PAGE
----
Designing Game Rules
PAX South 2016
The rules of a game literally define it. In videogames, they are intrinsic limitations. In tabletop, players must enforce them. In all games, players need to learn them. There are good and bad ways to teach a game. From awful tutorials to unparseable rulebooks, elegant demos to hour-long slogs, join us for a mechanical discussion of how game rules are (and should be) written, how players learn games, and why so few people are willing to read a 100 page rulebook (nevermind the appendices)!
How to Love and Hate Tabletop Games
PAX Prime 2014
How do I get into tabletop gaming? How do I talk about board games I like? How about the ones I hate? How do I find more I want to play? How do I avoid those that would waste my time? How do I preserve my hard earned dollars? Join this expert panel as they get into the details you need and want to know about board games – from how to talk like a board game enthusiast to criticize them and find a critic you like.
Senior Tabletop Editor
Luke Crane - Games Specialist - Kickstarter
Donna Prior - Professional Game Evangelist - Green Ronin
Christopher Badell - Design Director - Greater Than Games
Rym - Producer - GeekNights
Learn to Play: Zendo
Zendo is a fantastic logic game for n players. The game is self-constructed. Just buy several sets of Loony Labs "Ice Dice" or equivalents, get some colored glass counters, and go nuts. To quote wikipedia:
"Zendo is a game of inductive logic designed by Kory Heath in which one player (the "Master") creates a rule for structures ("koans") to follow, and the other players (the "Students") try to discover it by building and studying various koans which follow or break the rule. The first student to correctly state the rule wins."
Threats in Games
What is a threat in the context of a game? Can they affect the outcome? A snippet from our larger Practical Game Theory at PAX East 2013, we briefly explore some aspects of threatmaking in games, and what it truly means to make a "credible" threat.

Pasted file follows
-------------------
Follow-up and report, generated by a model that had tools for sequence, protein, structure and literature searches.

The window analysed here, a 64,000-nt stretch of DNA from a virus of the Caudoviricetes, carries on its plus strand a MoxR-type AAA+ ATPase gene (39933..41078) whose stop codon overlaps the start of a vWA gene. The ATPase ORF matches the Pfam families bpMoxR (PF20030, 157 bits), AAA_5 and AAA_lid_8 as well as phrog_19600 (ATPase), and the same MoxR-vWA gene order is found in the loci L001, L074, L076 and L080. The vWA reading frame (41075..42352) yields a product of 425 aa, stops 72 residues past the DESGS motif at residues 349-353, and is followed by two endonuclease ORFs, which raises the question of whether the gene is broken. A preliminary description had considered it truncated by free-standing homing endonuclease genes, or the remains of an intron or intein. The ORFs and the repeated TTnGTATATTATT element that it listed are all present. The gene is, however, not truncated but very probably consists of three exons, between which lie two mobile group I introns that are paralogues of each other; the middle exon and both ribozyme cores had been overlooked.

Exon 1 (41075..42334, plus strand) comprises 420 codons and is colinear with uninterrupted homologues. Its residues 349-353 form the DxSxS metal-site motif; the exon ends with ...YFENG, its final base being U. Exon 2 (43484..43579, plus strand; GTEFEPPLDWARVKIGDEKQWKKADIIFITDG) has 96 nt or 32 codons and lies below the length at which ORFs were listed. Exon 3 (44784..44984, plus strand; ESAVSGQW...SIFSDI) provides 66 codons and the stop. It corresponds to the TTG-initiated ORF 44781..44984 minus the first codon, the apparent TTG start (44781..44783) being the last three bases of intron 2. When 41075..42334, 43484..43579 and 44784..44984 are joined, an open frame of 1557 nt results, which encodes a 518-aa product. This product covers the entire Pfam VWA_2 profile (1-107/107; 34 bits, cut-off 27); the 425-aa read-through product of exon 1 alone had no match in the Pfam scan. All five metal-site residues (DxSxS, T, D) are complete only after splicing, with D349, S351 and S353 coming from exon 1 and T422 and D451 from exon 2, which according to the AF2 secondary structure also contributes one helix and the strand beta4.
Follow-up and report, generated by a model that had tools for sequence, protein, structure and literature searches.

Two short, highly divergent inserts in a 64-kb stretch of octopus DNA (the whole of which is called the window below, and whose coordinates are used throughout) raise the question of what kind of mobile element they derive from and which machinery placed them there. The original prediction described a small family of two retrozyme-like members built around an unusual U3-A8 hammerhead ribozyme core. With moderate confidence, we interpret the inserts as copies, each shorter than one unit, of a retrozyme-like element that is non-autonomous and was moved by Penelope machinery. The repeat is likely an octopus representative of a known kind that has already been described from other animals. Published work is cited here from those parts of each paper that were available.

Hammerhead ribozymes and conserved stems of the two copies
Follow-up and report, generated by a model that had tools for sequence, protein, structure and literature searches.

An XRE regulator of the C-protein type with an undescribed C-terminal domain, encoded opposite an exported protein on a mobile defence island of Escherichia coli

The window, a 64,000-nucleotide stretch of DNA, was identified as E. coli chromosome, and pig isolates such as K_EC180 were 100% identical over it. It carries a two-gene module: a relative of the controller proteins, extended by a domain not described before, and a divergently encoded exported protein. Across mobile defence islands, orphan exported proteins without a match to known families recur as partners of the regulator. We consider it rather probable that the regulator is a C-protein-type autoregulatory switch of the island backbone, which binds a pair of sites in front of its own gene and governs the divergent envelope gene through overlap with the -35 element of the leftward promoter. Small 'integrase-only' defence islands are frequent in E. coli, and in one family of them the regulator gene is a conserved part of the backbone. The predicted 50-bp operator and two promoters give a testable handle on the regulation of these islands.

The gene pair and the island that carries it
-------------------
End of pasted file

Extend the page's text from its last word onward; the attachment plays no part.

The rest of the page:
Rym and Scott of GeekNights (www.frontrowcrew.com) appeared on two panels at MagFest X, and also performed this lecture: Beyond Dungeons & Dragons. Herein, they discuss the nature of role playing games, what their mechanics really mean, how they affect play, and why D&D is probably not the best system for the kinds of games you're trying to play.
There is a huge catalog of "indie" tabletop RPGs just as there is for videogames. Burning Wheel, Dogs in the Vineyard, Inspectres, Lacuna, A Thousand and One Nights, Mouse Guard, Prime Time Adventures, Pendragon, Freemarket, Dread, Kagematsu, Apocalypse World, these are a TINY smattering of the possibilities. Play the game that affords the play style best suited to your story, not the one everyone just happens to know the rules for.
If you enjoy this, many more of our lectures from other conventions are available on Youtube: http://www.youtube.com/playlist?list=PLD03FB084B11A0454
Burning Apocalypse con (http://www.burningwheel.org/?page_id=111) showcased the triumphs of tabletop role playing game design from the minds of Luke Crane and Vincent Baker.
Here, Rym and Scott of GeekNights (www.frontrowcrew.com) asked the question "How did you find Burning Wheel?", and the answers are herein.
Thanks to The Al Holbrook Band for their song "Burning Wheel" - http://www.facebook.com/pages/The-Al-Holbrook-Band/268856187844.
We have some related GeekNights content for those interested in more:
Interview with Luke Crane: http://frontrowcrew.com/geeknights/20061031/interview-with-luke-crane/
BAC Interview with Luke Crane: http://frontrowcrew.com/geeknights/20111108/burning-apocalypse-con-with-luke-crane/
Two episodes about Burning Wheel: http://frontrowcrew.com/geeknights/20060214/ubercon-and-burning-wheel/ http://frontrowcrew.com/geeknights/20071002/the-burning-wheel/